While digital is well known for keeping the EQ flat from top to bottom. Any live sound man knows what a BBC is, a magic box that makes your band sound better! But itís really just a fixed equalizer that accentuates just a few frequencies. When you switch it on, everyone thinks it sounds better. So the concept that flatter is better is debatable. More accurate? Yes! Yes it is. Sounds better? Subjective.

    Russell

  7. #157
    Join Date: Jan 2013

    Location: Birmingham

    Posts: 4,352
    I'm James.

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    Quote Originally Posted by alphaGT View Post
    I’ve just spent the last two hours catching up on this thread. And I gotta say, Marco is the Man! Every time I read a post, and had thoughts on it, Marco comes back and reflects my feelings near exactly.

    But you know I gotta add my two cents.

    Much of the blind testing done is suspect. They don’t mention what music was used, what equipment was used, and as I’ve mentioned before, they used an average of the population as listening subjects. No wonder results were negative, 50% accuracy supposedly means pure chance. But perhaps half of the listeners had less than good hearing? Or half of the music offered was poorly mastered? Or they were set up in unfamiliar way for most of the listeners? Were the chairs even comfortable? Too many variables to call these test conclusive. If you look up side anyone’s head as you walk through town, notice that no one’s ear looks even remotely the same, each and every human hears differently.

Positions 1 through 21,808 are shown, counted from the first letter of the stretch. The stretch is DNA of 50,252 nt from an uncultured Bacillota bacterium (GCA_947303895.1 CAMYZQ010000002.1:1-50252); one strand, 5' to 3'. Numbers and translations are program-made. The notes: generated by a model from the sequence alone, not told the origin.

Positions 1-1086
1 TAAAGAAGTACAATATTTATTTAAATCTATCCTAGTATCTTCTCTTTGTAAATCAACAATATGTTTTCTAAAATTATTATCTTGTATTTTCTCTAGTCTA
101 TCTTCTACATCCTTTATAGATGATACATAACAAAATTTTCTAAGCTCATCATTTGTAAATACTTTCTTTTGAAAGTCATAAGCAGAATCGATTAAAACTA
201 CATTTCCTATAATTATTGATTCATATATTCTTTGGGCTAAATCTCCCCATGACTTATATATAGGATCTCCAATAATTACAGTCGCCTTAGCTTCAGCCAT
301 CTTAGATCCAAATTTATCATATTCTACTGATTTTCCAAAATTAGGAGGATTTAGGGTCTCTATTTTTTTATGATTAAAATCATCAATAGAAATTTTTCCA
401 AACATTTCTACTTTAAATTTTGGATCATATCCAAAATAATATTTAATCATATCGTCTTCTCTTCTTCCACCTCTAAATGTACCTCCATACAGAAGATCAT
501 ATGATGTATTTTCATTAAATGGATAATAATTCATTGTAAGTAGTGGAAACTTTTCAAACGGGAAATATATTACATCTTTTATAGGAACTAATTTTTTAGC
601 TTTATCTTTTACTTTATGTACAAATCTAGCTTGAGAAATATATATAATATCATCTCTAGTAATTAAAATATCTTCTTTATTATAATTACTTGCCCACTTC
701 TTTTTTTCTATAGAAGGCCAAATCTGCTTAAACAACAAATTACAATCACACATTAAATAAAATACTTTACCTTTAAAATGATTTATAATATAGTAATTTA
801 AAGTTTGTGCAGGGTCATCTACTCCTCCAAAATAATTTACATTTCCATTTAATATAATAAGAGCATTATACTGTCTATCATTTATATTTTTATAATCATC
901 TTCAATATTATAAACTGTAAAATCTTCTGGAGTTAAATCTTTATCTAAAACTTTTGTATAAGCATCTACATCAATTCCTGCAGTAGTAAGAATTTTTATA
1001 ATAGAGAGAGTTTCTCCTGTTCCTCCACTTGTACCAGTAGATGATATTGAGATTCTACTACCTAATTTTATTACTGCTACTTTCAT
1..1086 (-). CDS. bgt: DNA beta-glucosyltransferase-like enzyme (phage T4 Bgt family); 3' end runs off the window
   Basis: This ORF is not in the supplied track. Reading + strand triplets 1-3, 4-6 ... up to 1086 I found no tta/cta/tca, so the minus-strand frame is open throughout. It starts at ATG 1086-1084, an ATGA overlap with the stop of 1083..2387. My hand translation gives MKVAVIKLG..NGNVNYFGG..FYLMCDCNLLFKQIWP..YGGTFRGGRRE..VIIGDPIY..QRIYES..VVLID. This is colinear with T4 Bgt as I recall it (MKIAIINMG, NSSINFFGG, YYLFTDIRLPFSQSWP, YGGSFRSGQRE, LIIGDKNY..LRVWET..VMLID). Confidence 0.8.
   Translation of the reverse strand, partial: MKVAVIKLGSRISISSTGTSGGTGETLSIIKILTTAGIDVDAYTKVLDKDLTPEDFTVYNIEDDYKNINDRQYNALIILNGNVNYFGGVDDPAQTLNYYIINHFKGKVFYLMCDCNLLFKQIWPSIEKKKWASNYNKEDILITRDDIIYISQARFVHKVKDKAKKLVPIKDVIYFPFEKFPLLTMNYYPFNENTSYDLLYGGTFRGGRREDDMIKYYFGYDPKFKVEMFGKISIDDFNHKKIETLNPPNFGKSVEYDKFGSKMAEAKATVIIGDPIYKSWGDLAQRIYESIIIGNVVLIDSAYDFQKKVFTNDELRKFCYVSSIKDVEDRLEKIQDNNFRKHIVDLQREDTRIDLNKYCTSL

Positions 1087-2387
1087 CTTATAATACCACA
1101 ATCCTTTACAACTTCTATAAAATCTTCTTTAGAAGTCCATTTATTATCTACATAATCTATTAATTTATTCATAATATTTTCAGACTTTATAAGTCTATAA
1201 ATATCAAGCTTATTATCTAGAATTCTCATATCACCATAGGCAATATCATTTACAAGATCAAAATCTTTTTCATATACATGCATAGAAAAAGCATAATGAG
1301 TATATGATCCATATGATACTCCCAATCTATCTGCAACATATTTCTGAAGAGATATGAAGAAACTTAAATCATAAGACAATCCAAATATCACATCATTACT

Many of the A/B tests I’ve read about were designed to bring about the results the tester was looking for. And there is as much bias in reading the data as any expectation bias, so, any test that you didn’t conduct yourself should be taken with a grain of salt.

    And I keep reading these theories about how digital works, saying there is no space between samples. And more samples don’t help, well I don’t buy it. Higher sampling rates do bring higher frequencies, but that is not all it’s doing. Yes, there is no space between samples, the sample is flat, a fixed number, for the duration of the sample. So we do start with a stair step waveform. Only after filtering does it become smooth like an analog waveform. Perfect accuracy? Not possible. Nothing is perfect. Anyone who cares to argue this point please tell me of anything that is perfect, besides a cold beer on a hot day. And “perfect enough”, doesn’t count. It’s still not perfect. We don’t listen to test tones, music is a super complex waveform. To think you can dice it into a trillion pieces, and reassemble it with absolutely no affect on the original waveform, is pure fallacy. Don’t get me wrong, it’s pretty amazing! And does a damn good job of delivering what was promised. But to flatly say it can’t get any better is naive.